Accessing drawings brings up the following selection window:

And these are examples of the drawings:

Note that the 12'x7'overhead door is positioned to the inside faces of the posts.

The siding is interesting regarding opeings. In the example above you can see how the siding routine works. The walk door is positioned such that no piece of siding is fully occluded. The first window, however, is, and you can see how the siding layout doesn't include any more material than is required. In the overhead door area there are 3x pieces of material cut to 1'3" above the door. On the door sides note that you see the entire panels and they seem to cover part of the opening. This lets you know that you will have to cut to fit. On the other hand you really can't order the pieces cut quite like that.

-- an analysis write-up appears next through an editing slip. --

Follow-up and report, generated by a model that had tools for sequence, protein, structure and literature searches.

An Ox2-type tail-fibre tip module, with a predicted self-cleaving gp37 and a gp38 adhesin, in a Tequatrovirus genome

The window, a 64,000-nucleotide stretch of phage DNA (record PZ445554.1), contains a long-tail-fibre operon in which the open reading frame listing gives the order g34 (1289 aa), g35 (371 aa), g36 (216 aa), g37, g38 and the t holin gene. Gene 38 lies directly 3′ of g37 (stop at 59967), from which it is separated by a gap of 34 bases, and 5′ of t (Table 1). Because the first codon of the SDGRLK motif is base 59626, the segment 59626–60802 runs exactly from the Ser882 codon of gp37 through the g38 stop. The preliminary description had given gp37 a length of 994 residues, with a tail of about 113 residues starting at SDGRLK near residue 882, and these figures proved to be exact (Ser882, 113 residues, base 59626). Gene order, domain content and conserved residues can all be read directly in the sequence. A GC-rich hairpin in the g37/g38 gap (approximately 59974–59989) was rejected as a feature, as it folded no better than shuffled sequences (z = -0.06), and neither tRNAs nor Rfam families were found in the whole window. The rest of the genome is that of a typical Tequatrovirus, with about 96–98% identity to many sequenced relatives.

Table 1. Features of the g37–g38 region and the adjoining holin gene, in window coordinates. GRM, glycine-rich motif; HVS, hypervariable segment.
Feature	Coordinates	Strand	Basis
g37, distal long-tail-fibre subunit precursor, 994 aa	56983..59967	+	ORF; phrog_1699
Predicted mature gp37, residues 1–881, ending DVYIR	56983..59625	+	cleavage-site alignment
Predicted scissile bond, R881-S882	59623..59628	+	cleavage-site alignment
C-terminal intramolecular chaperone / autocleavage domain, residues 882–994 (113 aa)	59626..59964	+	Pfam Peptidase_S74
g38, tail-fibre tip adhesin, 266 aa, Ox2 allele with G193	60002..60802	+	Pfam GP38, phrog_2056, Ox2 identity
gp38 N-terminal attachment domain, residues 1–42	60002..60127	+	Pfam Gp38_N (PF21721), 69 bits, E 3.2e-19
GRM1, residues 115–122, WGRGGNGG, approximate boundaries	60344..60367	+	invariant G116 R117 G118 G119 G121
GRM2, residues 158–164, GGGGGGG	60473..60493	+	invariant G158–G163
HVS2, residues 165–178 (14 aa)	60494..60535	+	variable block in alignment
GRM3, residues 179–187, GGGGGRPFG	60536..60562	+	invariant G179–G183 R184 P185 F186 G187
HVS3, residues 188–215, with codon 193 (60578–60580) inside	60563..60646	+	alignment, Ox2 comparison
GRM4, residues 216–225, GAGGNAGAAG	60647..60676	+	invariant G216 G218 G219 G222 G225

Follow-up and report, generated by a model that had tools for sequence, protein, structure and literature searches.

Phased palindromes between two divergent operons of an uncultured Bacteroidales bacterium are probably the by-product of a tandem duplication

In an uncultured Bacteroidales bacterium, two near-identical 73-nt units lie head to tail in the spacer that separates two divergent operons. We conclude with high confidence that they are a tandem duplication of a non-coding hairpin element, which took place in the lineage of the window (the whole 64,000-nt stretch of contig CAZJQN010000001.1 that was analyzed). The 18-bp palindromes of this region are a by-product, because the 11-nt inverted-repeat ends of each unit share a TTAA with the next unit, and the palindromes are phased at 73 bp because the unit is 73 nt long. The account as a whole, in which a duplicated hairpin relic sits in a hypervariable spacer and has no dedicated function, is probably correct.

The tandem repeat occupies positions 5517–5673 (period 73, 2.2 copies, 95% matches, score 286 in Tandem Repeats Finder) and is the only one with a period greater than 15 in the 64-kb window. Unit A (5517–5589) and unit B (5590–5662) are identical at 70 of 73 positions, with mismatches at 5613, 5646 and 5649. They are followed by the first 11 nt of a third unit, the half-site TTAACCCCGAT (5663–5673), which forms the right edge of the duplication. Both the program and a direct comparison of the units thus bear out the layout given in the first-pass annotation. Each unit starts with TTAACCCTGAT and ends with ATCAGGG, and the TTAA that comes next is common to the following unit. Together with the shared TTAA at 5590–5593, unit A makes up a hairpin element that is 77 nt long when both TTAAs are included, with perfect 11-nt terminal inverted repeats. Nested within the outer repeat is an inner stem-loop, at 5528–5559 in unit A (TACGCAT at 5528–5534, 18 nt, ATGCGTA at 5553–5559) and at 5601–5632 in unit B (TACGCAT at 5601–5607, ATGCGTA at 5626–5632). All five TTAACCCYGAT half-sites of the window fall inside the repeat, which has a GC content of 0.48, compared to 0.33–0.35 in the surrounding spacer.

In this example note that the Center At Peak siding application is used to yield a symmetrical layout. You can clearly see that the outermost panels are clearly extended beyond the building edge. Yes, one may choose to lay out the panels for minimum waste, left to right or center panel at peak, but some of those methods will yield odd sizes and odd cuts. Difficult to apply cleanly and reliably. Symmetry results in a pleasing layout to the eye, simpler application, and fewer distinct sizes to have to deal with. However, the method used to apply the panels is ultimately up to you - left to right, center panel at peak or center seam at peak.

Framing is shown separately from the outer wall drawing; this makes it clearer what is going on (less busy.) The green vert lines are centerline positions of the posts.

The red marker denotes the edge of the roof.

Note 1 points to the fascia lumber placement at the edge. Note 2 shows the measurement of the roof plane and the purlin position markers are relative to the ridgeline along this measurement.

System Overview
Evaluating PostFrame Manager
Inside PostFrame Manager
Frequently Asked Questions (FAQ)
Running 3D

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